Tencent is a digital empire that is embedded in the everyday life of the Chinese consumer. The core social messaging app WeChat has been leveraged to offer users media/entertainment content, eCommerce, payment and financial services solutions to name a few.
Tencent has also invested in a range of technology companies and in the gaming and cloud verticals to broaden its offerings. The company has built a valuable asset based on unrivalled user engagement and exposure to large addressable markets.
Tencent has undergone a significant valuation de-rate since the beginning of the year amid weakening Chinese economic data, from buoyant levels, and increased regulatory scrutiny and uncertainty across the Chinese internet sector.
The same types of stocks in the US are trading at close to all-time share price highs, although in both cases the stocks have de-rated relative to very strong earnings growth. In addressing these concerns, our base case remains that changes in regulation are designed to prevent anticompetitive behaviour, particularly in the e-commerce space, rather than stifle the growth of internet businesses more generally.
In this context, Tencent’s core advertising asset, WeChat, is less likely to be directly impacted by regulation than e-commerce peers such as Alibaba. Further, online gaming, which represents roughly 40% of group revenue, went through a rigorous regulatory process three years ago so Tencent has experience in navigating these issues. More importantly, competition is increasing across both ecommerce and online advertising in China as new customer channels are emerging (such as community group buying) and with the evolution of new social platforms (Douyin/ TikTok and Kuaishou).
In the most part these platforms are not direct competitors to Tencent’s business. However, as the platform with the highest time spent, Tencent is competing for eyeballs and ad spend against these fastgrowing apps. Although such interlopers may fragment the opportunity for Tencent, their impact is insignificant compared to the material growth in digital ad spend and the extent to which Tencent is currently under-monetised.
Tencent is also ramping up investment in three key areas: development of long production games, short form video and enterprise software.
While the market may penalise the stock due to some uncertainty regarding the shorter-term payoff from these investments, these initiatives will strengthen Tencent’s position in key verticals, build barriers to entry against smaller players, and drive growth and market share over the long-term.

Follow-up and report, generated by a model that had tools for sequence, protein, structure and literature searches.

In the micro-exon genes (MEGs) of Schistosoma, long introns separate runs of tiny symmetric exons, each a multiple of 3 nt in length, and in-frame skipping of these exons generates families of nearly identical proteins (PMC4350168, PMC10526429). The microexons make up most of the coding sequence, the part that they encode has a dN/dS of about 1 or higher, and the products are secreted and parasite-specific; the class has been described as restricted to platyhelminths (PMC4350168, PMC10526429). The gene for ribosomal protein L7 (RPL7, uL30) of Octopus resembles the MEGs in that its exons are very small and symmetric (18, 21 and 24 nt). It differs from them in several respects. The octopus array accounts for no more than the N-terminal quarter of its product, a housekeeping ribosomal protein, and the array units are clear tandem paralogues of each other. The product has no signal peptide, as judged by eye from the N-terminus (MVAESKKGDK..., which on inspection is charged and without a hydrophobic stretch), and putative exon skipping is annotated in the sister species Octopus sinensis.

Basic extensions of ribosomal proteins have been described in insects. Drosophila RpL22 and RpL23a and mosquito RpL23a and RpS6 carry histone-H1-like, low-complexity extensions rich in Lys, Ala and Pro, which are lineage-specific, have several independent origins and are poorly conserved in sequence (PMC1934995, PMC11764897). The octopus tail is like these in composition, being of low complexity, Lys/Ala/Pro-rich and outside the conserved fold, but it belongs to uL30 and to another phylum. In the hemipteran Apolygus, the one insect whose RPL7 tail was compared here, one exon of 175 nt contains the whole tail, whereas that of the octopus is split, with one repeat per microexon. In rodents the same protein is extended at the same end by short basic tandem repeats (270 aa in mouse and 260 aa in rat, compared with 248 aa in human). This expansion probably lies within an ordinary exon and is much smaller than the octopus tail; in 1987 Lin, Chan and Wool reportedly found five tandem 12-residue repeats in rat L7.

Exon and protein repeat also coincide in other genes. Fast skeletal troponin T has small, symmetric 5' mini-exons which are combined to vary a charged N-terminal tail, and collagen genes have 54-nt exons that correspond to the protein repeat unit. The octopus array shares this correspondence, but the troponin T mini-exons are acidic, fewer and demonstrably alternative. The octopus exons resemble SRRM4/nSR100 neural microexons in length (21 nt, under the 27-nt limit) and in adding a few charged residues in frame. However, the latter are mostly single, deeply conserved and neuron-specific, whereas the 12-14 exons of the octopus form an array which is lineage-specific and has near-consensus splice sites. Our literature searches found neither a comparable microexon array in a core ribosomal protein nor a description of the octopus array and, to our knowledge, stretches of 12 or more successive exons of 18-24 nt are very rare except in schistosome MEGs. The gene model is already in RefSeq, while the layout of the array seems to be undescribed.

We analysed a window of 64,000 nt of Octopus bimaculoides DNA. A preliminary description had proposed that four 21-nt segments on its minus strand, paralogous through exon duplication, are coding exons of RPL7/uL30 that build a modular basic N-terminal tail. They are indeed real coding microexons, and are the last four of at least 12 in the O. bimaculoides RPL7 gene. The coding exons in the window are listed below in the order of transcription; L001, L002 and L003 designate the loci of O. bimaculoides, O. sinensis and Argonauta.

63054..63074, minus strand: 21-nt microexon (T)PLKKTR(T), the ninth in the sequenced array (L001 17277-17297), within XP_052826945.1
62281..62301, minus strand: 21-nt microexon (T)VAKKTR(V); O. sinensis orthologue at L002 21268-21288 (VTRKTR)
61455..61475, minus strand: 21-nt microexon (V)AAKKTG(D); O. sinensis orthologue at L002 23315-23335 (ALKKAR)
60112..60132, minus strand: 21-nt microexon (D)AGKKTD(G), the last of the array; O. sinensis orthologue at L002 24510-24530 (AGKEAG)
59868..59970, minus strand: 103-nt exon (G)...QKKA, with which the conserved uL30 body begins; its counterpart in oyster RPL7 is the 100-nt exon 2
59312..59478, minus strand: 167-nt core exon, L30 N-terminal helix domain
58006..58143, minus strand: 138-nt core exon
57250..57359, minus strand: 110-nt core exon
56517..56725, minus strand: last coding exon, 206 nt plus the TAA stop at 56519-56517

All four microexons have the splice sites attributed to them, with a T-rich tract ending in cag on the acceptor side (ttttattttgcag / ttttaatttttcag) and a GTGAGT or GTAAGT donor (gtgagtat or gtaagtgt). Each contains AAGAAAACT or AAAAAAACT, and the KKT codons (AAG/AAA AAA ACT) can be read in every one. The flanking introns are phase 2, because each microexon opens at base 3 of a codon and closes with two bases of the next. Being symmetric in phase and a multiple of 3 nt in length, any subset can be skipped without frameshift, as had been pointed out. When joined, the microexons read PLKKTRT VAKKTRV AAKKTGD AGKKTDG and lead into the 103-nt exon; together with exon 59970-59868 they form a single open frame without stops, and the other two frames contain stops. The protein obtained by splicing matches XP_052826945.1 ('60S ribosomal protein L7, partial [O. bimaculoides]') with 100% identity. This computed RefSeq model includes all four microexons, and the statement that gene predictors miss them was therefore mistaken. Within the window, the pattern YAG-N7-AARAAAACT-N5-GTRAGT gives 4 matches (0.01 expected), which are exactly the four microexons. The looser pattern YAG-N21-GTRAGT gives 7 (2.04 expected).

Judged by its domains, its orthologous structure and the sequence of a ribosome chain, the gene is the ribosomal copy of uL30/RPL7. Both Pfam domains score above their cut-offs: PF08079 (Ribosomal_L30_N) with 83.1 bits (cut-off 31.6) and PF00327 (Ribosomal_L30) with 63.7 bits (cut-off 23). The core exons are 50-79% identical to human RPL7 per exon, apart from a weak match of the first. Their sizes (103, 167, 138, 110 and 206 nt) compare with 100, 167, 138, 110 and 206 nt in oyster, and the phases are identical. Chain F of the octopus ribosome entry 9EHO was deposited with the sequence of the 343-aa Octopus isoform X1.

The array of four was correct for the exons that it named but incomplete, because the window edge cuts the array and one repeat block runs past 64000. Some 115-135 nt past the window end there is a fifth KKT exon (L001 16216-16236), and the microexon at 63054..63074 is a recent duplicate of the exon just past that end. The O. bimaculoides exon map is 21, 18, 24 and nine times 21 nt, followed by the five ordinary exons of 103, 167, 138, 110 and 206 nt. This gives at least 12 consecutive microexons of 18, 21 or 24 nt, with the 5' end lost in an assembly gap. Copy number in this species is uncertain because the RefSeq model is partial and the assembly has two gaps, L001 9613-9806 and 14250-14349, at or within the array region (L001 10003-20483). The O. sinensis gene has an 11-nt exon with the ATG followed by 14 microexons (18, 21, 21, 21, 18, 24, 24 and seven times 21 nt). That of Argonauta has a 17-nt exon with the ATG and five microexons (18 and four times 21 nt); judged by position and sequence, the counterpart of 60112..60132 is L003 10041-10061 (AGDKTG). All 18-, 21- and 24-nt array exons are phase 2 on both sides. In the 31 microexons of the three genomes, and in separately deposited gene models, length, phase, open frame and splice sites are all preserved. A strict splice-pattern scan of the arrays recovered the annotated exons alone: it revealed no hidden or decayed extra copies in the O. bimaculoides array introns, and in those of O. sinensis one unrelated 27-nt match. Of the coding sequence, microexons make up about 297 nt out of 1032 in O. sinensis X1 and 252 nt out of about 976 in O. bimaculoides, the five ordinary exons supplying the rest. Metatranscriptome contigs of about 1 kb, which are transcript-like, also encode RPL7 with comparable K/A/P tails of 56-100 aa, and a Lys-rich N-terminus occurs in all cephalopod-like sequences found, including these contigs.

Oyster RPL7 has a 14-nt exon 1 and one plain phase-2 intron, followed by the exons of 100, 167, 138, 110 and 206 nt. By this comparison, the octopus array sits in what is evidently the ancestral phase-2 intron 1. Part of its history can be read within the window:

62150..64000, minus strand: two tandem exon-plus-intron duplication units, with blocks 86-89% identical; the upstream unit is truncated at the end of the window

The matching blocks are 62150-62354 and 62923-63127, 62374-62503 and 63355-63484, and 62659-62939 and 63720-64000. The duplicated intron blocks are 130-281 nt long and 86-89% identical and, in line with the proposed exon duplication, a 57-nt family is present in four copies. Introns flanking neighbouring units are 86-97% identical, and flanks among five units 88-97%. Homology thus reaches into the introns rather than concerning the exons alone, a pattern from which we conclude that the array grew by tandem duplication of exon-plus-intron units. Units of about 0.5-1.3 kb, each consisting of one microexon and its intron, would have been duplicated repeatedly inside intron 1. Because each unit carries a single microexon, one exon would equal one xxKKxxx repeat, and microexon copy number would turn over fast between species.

Business resilience/Multiple ways of winning
Competitive dynamics & product cycle Tencent has built a formidable lock on the Chinese consumer as it has developed online solutions for the most necessary daily utility-like activities.
The core WeChat platform has morphed from its origins of a simple messaging platform. Consumers now use the app for media & entertainment content (games, news, video, music), official accounts (similar to Twitter), eCommerce mini-programs (branded shopfronts) and financial services (payments and wealth management) to name a few.
The strength of this platform is evidenced via its 1.2b Monthly Active Users (MAUs) on the core WeChat app, of which 82% will engage with the app on any given day for an average 84 minutes (and this excludes separately linked apps such as Tencent music). This provides Tencent with valuable user data and creates a direct portal to the consumer – ultimately it enables Tencent to provide a superior return on investment for advertisers.
The company is currently not monetising its powerful position to its full potential, with just a 12% share of the Chinese digital ad market.
Some new initiatives in videos, WeChat Moments (similar to Facebook newsfeed) and monetisation of the WeChat mini program GMV are all potential ad revenue sources, not all of which are in our base case, that could materially fast-track the opportunity.
The penetration of digital advertising in China is still low relative to developed markets. Beyond a moderate and consistent share gain there is material upside in digital ad growth in China, which currently equals just 0.4% of GDP compared to the US at 0.6%. Given the rapid technological adoption seen in China as the country develops there is no reason why digital penetration will not reach similar levels to that seen in developed markets.
Tencent has leveraged its platform into fintech services which provides another avenue for monetisation. It is the leading offline payment tool and is catching up in online payments through its mini-program GMV (up 100% in 2020).
The company is a powerful third-party distribution partner for financial product issuers across wealth and insurance products and in credit lending where Tencent only refers business to its 30% owned WeBank to avoid the ire of the regulator.
Gaming is an adjacent vertical that Tencent dominates, with its 60% market share in China. The company has strong publishing and distribution capabilities as well as a library of established titles that make it difficult for a competitor to catch up outside of one-off hits.
Again, engagement with the consumer is high as the time spent per daily user on key titles is 100-140 minutes.
There is also an attractive global opportunity given its strong content JVs and world class internal game development; the global gaming market is four times larger than China’s at $160b.
Finally, Tencent’s Cloud business (number two in China) has potential for meaningful growth over the medium term. Cloud adoption is still in its early stages in China outside of the internet verticals. We expect this to ramp up with the development of PaaS (Platform as a Service) and SaaS (Software as a Service) products providing value added services to customers and a higher margin business for Tencent.
This business differs from the consumer focused core, but is synergistic given the great deal of content and data that is managed and as Tencent continues to work with investee companies.
China is in the process of implementing new regulations in three key areas: to restrain monopolies, govern fintech firms and protect data privacy and security. The Cybersecurity Law (enacted in 2017), Antitrust Guidelines for the Platform Economy Industry which became effective in February 2021, the Data Security Law (already released and comes into effect in September), and the Personal Information Protection Law, which just underwent its second draft and is expected by end of 2021, are all the result of this effort.